A Simple Formula for Successful HVAC Optimization

A Simple Formula for Successful HVAC Optimization

April 4, 2019
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This article originally appeared on School Construction News

By FREDERICK WOO, PE, Manager of Engineering at Optimum Energy

Done right, HVAC optimization can deliver significant energy savings —which means reduced operational costs— and contribute to achieving sustainability mandates. Done without comprehensive scoping and planning, however, a significant number of HVAC and other energy conservation projects will fail to provide the projected savings.

As with any major construction project, to achieve the strongest results and reduce risk, optimization project leaders should develop a plan that covers everything from concept and stakeholder education to design, bidding, construction, and after-project support. An optimization provider should first conduct a thorough feasibility study to determine the requirements, savings, project scope, costs, and return on investment for the project. The following steps are critical to success.

Pursue holistic optimization

Effective optimization should take a whole-system approach (rather than optimizing individual components), thoroughly monitor sensor information and measure energy use, and deliver continuous and automatic feedback to the HVAC system.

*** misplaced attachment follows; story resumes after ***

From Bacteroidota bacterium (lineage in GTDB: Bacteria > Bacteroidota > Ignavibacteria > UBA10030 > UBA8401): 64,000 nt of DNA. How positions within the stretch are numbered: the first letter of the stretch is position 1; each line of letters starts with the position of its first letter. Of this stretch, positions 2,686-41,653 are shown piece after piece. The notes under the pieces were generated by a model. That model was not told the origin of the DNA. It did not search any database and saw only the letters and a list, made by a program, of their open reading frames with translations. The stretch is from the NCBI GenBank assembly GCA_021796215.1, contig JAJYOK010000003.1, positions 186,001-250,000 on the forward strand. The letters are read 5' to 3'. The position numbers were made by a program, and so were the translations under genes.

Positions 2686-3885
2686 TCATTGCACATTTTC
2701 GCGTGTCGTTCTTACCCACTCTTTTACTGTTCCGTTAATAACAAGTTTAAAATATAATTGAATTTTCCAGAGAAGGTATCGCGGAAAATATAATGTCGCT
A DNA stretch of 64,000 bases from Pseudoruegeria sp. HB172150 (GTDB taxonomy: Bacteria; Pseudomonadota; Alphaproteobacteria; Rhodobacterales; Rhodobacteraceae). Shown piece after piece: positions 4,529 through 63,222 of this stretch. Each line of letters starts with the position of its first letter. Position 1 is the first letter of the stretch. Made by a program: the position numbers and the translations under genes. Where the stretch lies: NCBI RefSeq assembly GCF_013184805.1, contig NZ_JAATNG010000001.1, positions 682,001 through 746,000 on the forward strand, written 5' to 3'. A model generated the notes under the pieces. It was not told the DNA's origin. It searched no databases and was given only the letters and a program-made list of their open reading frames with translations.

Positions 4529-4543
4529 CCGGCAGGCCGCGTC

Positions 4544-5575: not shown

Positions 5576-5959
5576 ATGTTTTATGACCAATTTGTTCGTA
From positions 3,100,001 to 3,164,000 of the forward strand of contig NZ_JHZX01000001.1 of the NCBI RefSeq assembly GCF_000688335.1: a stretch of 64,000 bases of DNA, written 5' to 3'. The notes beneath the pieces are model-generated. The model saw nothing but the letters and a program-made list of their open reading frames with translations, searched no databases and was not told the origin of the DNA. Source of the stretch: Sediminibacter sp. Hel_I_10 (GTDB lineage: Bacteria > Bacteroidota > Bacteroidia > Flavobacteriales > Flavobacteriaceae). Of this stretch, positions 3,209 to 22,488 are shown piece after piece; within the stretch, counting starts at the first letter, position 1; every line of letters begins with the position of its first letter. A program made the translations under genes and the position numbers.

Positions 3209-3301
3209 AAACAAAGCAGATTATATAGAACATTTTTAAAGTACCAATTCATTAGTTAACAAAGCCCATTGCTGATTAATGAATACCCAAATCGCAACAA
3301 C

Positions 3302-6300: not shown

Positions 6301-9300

Design for constraints

Facility operators must be confident that operational requirements will continue to be met when optimization is active. As part of the initial feasibility study, any optimization project should quantify operational restrictions that would constrain optimization—and ensure the product can operate within those restrictions without using more energy than is needed to meet them.

Measure and verify

Measurement and verification (M&V) is an essential, yet often neglected, part of optimization. An M&V method helps the optimization product report the effectiveness of optimization versus the organization’s goals. If the organization has a carbon footprint reduction goal, for example, the product should report mass of CO2 reduced in an easy-to-retrieve format.

Create a road map

The project scoping phase should include developing a robust road map that calculates the projected energy savings, clearly documents how those savings will be achieved, and provides a detailed plan of the project retrofits and tasks required to implement optimization.

Ensure quality control

In retrofit jobs, optimization may involve multiple vendors and groups. Instruments that are used as control points for optimization, or for calculating the energy input or output of the system, must be installed in the correct location, with correct orientation, and be properly calibrated.

Plan for training and handoff

Near the end of the project, a clear handoff and training for facility personnel is essential to ensure the optimization system is used to its fullest. Proper training will help operators understand how the system is meant to work, what to expect the system to do, and what to do in the event of a problem.

Read the full article here